Wednesday, January 27, 2010

Why Bushcraft? My journey so far...

"Knowledge is the key to survival and the best thing about that is; it doesn't weigh anything." -Ray Mears

Being a that I am from Canada, it might not be such a surprise to see me take an interest in the outdoors . Canada has one of the largest expanses of uninterrupted wild forests in the world, and the country was literally born out of the trade of furs. The Boreal forest blankets the country all the way from Newfoundland to British Columbia, and even with all of this, my exposure to the bush really is only limited to the past few years.

The truth is, I've lived in an urban environment all my life. Growing up I was exposed to stories about the rugged Canadian wilderness and the romance of it all was intoxicating. I read the book "Lost in the barrens" when I was 10, and it made me want to explore the wilds. I never had the opportunity and didn't really know where to start; no one in my family had any experience outdoors.

I put it out of my mind. I mean, I didn't even know where to begin. It wasn't until years later that I stumbled onto a TV show where an unshaven Canadian with a dirty bandanna on his head demonstrated to viewers at home how to survive 7 days with nothing but the items in his pockets.

Doesn't sleep in hotels, or drink his own urine

All of a sudden the wilderness seemed romantic again. "I want to do that" I naively thought to myself! Ok, maybe not exactly like that, but I knew that I had pushed off wilderness survival long enough. So how do you break into something like that? Where do you start? I mean, I didn't even know how to start a proper fire WITH a lighter! And so I turned to what I could read, or view demonstrations on the internet. Do a search on survival and you'll find thousands of hits, so to say that the information out there is extensive is an understatement. Most novice people always start out at the same place-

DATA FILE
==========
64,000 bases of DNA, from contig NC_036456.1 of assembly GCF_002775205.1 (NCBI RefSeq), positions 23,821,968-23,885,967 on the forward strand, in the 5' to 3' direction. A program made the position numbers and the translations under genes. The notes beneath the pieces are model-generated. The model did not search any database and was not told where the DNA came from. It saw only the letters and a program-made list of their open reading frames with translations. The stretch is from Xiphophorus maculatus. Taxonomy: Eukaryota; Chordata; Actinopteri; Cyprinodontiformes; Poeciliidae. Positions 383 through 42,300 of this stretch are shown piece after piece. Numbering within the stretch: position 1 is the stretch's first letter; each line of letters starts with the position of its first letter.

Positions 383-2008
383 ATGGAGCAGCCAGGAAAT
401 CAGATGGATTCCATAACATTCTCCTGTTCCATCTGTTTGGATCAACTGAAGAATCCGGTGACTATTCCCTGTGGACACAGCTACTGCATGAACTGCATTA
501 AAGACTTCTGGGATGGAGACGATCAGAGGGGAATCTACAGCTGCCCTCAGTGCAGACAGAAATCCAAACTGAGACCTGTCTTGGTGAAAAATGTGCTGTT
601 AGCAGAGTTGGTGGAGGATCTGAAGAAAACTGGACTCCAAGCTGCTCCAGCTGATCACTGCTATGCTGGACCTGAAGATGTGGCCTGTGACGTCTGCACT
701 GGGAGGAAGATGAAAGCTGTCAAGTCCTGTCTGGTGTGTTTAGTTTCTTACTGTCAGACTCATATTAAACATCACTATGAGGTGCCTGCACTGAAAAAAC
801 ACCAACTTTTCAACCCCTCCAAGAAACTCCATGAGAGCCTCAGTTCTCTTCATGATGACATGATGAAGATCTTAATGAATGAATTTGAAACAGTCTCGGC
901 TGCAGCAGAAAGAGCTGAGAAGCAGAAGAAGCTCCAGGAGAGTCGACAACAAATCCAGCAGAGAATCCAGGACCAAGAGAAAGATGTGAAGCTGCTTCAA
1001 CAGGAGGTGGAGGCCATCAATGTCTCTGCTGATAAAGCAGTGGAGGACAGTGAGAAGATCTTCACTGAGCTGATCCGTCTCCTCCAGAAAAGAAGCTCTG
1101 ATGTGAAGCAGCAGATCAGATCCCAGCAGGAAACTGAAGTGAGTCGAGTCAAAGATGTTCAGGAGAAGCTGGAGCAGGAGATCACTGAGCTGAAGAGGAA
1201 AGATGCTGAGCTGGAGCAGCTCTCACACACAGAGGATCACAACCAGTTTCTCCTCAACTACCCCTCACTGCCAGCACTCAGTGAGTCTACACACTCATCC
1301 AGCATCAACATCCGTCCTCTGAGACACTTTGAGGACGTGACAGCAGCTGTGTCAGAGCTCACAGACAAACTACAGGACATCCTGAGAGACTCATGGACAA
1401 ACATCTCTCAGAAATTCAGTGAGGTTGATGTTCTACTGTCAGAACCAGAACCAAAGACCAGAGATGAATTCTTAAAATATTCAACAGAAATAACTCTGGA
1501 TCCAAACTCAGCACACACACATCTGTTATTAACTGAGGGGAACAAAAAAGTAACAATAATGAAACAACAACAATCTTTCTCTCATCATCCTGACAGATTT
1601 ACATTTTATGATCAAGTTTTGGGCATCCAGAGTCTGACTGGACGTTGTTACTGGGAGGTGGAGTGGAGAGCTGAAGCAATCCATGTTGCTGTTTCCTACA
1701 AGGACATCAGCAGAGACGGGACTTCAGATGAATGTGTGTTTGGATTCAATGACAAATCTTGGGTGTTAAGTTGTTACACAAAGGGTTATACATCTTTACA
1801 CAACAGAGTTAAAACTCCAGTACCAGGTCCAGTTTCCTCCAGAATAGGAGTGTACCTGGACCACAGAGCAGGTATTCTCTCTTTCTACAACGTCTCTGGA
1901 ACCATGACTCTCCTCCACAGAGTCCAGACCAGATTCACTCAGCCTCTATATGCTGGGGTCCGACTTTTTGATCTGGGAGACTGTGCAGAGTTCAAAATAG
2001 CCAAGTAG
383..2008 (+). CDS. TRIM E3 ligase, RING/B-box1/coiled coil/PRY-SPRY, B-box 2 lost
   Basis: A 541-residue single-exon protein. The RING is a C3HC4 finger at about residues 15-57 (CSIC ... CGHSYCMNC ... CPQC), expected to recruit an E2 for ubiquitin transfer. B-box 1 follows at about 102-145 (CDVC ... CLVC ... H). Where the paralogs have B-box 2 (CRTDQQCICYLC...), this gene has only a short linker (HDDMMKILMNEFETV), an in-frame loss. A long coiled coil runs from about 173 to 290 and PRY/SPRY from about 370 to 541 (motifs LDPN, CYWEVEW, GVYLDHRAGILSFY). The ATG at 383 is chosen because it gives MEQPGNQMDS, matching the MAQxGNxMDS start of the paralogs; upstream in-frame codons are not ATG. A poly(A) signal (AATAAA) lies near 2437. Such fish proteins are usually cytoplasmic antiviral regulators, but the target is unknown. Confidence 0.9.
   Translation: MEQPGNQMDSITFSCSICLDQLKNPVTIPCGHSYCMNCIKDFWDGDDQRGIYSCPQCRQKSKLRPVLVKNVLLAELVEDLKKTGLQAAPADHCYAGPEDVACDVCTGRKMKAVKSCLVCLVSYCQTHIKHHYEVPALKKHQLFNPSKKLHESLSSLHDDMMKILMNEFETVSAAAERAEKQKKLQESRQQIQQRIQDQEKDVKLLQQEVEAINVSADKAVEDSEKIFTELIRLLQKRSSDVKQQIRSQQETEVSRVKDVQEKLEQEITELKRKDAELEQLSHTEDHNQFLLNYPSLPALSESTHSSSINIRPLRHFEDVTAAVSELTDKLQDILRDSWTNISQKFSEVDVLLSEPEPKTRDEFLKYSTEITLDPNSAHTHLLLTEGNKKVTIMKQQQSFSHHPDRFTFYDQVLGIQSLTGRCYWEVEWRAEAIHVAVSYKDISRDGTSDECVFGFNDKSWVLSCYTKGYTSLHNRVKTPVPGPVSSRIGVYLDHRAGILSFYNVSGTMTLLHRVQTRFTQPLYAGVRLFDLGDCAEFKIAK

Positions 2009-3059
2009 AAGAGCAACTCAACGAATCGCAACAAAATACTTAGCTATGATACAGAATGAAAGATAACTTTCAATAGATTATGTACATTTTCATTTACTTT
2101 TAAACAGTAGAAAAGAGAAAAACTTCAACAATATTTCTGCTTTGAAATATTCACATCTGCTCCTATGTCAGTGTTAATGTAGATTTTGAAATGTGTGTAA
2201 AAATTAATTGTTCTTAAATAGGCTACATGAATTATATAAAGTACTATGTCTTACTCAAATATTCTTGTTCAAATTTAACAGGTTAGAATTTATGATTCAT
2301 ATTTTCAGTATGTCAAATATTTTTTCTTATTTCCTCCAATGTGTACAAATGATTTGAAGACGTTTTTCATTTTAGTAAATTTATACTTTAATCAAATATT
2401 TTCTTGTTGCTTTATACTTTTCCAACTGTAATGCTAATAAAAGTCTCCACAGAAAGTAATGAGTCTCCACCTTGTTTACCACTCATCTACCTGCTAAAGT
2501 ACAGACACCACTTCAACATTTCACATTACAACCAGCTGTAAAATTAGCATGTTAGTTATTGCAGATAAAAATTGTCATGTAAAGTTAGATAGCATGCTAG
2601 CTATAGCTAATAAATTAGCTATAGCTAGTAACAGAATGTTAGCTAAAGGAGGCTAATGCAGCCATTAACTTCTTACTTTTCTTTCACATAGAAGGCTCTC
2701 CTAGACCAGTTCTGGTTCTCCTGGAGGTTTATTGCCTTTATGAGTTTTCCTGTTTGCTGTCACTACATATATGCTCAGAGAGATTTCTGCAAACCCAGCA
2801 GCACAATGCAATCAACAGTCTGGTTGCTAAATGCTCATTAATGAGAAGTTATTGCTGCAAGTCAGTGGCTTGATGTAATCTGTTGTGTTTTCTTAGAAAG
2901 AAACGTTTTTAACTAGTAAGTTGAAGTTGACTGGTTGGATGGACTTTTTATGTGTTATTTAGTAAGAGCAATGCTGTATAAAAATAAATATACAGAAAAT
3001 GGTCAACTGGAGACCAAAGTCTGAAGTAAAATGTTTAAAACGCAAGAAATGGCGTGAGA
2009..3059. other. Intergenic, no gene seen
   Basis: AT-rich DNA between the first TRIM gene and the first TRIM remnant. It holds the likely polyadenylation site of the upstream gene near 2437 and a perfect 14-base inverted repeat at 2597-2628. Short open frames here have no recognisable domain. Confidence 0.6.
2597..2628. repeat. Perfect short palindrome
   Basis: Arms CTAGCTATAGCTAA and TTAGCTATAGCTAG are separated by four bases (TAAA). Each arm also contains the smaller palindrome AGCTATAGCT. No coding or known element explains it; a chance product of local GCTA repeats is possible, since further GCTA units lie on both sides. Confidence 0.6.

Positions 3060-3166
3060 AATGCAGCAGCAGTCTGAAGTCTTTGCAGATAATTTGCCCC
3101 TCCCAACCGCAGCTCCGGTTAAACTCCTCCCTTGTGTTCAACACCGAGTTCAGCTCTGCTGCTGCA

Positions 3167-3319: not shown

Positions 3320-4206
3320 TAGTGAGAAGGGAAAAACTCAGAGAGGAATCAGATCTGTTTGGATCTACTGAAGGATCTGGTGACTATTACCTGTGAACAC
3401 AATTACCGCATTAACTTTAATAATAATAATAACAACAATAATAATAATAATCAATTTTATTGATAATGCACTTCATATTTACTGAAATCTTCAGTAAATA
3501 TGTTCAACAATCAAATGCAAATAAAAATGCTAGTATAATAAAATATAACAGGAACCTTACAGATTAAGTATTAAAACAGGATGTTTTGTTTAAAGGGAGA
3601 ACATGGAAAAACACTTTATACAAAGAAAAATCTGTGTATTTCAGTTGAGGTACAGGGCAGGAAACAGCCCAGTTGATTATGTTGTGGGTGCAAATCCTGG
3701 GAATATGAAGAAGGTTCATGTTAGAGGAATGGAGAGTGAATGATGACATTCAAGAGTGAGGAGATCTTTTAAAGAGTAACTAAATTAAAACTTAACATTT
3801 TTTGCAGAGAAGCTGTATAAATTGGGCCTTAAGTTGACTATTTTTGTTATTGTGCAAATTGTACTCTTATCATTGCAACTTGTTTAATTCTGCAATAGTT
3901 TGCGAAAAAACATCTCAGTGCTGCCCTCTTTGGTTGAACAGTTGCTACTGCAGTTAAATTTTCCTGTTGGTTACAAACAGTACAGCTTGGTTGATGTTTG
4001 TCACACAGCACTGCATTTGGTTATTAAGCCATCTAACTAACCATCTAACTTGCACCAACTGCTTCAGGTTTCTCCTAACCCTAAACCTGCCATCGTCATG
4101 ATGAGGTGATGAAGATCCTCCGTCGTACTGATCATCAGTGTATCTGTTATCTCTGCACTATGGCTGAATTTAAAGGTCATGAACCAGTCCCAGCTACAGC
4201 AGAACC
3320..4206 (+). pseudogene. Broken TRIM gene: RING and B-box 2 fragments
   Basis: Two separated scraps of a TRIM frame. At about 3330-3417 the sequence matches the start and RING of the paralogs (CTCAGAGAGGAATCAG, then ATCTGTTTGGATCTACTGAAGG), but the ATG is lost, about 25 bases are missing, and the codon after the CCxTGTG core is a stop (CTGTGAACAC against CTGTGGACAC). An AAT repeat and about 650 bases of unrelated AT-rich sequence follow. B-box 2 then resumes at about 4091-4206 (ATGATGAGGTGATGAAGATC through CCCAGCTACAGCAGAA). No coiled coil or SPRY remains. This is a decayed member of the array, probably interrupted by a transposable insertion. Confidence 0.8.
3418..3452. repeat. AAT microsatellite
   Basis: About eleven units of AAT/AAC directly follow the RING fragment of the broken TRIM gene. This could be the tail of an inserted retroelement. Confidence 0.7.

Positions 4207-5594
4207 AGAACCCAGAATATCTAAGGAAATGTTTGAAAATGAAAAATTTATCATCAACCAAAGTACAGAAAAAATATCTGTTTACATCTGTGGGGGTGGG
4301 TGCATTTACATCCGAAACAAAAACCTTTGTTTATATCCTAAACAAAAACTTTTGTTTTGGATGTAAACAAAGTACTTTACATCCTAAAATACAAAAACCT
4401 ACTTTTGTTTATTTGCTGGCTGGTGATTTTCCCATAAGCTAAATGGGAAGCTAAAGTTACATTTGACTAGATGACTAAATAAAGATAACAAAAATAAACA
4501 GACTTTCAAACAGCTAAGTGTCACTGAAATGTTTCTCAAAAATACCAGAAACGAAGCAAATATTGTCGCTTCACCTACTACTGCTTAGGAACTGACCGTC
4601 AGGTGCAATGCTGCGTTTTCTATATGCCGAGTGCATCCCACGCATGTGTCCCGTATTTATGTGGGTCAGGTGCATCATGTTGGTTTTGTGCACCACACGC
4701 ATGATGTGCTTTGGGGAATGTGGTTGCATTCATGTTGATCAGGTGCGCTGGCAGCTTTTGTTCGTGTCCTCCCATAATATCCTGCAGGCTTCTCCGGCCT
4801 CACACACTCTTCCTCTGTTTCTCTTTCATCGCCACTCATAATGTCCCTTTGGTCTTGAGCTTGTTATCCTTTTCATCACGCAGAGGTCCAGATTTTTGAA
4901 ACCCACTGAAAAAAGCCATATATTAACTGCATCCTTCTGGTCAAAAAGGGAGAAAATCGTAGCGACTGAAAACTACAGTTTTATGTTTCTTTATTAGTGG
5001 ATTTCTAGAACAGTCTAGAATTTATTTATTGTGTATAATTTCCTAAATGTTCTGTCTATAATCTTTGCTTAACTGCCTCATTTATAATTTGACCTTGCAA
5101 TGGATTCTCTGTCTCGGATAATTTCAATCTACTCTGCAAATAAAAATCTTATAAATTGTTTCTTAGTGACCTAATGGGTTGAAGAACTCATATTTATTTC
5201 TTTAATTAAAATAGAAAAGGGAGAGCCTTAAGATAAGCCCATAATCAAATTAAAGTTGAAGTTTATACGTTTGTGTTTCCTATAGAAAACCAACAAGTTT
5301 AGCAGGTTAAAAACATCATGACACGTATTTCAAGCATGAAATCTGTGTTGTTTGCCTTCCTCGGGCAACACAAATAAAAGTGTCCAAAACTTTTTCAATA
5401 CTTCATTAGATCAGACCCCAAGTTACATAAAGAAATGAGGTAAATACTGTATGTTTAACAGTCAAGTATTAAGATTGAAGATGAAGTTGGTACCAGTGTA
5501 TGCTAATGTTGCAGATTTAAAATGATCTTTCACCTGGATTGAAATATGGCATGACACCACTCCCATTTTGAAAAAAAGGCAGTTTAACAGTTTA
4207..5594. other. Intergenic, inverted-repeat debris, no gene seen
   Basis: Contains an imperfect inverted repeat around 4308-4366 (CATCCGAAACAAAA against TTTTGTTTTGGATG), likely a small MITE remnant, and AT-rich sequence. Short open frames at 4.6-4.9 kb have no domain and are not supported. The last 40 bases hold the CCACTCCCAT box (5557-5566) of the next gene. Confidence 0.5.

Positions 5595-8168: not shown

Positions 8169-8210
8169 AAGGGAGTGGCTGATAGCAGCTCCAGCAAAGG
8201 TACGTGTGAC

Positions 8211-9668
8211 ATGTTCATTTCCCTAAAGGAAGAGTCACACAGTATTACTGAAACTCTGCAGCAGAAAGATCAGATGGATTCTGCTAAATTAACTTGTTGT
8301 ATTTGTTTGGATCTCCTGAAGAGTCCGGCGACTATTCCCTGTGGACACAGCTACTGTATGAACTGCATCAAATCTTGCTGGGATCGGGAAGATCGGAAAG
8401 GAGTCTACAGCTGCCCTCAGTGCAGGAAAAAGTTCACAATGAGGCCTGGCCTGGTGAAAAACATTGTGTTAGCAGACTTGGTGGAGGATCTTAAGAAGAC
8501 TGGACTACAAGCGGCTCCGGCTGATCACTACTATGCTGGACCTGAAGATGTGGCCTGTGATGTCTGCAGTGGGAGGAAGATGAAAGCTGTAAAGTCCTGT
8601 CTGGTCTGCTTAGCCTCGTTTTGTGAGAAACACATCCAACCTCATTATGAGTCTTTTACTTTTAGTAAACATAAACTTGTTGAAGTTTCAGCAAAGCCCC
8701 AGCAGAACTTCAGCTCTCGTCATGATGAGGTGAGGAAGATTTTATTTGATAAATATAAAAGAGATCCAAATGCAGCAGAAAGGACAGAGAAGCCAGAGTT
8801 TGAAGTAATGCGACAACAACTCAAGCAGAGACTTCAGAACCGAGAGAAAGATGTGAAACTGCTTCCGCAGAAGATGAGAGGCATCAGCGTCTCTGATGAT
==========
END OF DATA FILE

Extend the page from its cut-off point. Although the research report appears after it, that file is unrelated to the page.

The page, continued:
"if I get lost in the woods, how will I get food?"

and naturally, the typical newbie answer is to hunt game. Regardless of the fact that food is the last thing on the priority list, and that hunting is a skill that takes years to perfect it always seems to be that people want to learn how to make a bow and arrow, and I was the same. While looking for examples of how to make a survival bow I came across a fellow who did a very good job of explaining himself. Moreover, he had a lot of videos of explaining all facets of survival.

This guy can hunt deer if he needed to. You probably can't.

One message that he kept emphasizing was that these "self reliance" skills weren't something that you could learn for watching. Sounds obvious, but when people become overwhelmed they tend to shield themselves a false sense of security where they feel like they've seen it enough that they don't need to try it out to know they can do it when they need to. Real life doesn't work that way I'm afraid, and I was guilty of that myself. This new guy encouraged people to go out and try things, even if they didn't work. In failing, you'll learn how to do things the right way and you'll be doing so in a controlled environment where you life wasn't at risk (in many ways a good lesson to take into other aspects of life).

The thing with learning something like this, is that it's a journey. Every time you learn something, you learn that there are 100 more things you don't know. As a result my interest, which started in camping, grew to survival, which grew into how to sustain myself if I needed to in the bush. Running it's natural course has led me to where I am now, which is learning bushcraft skills. Ray Mears puts it best I think, when he says

"Bushcraft is what you carry in your mind and your muscles."

Which I think is a very elegant way of summing it up.


  1. That second pic looks cool. Very green (y).

  2. You've got so much passion for bushcraft, it's like you wrote a sonnet to it.

    I espeically agree with your last paragraph about learning. Everyone should have a hobby, or something that they're learning, as part of their life "journey".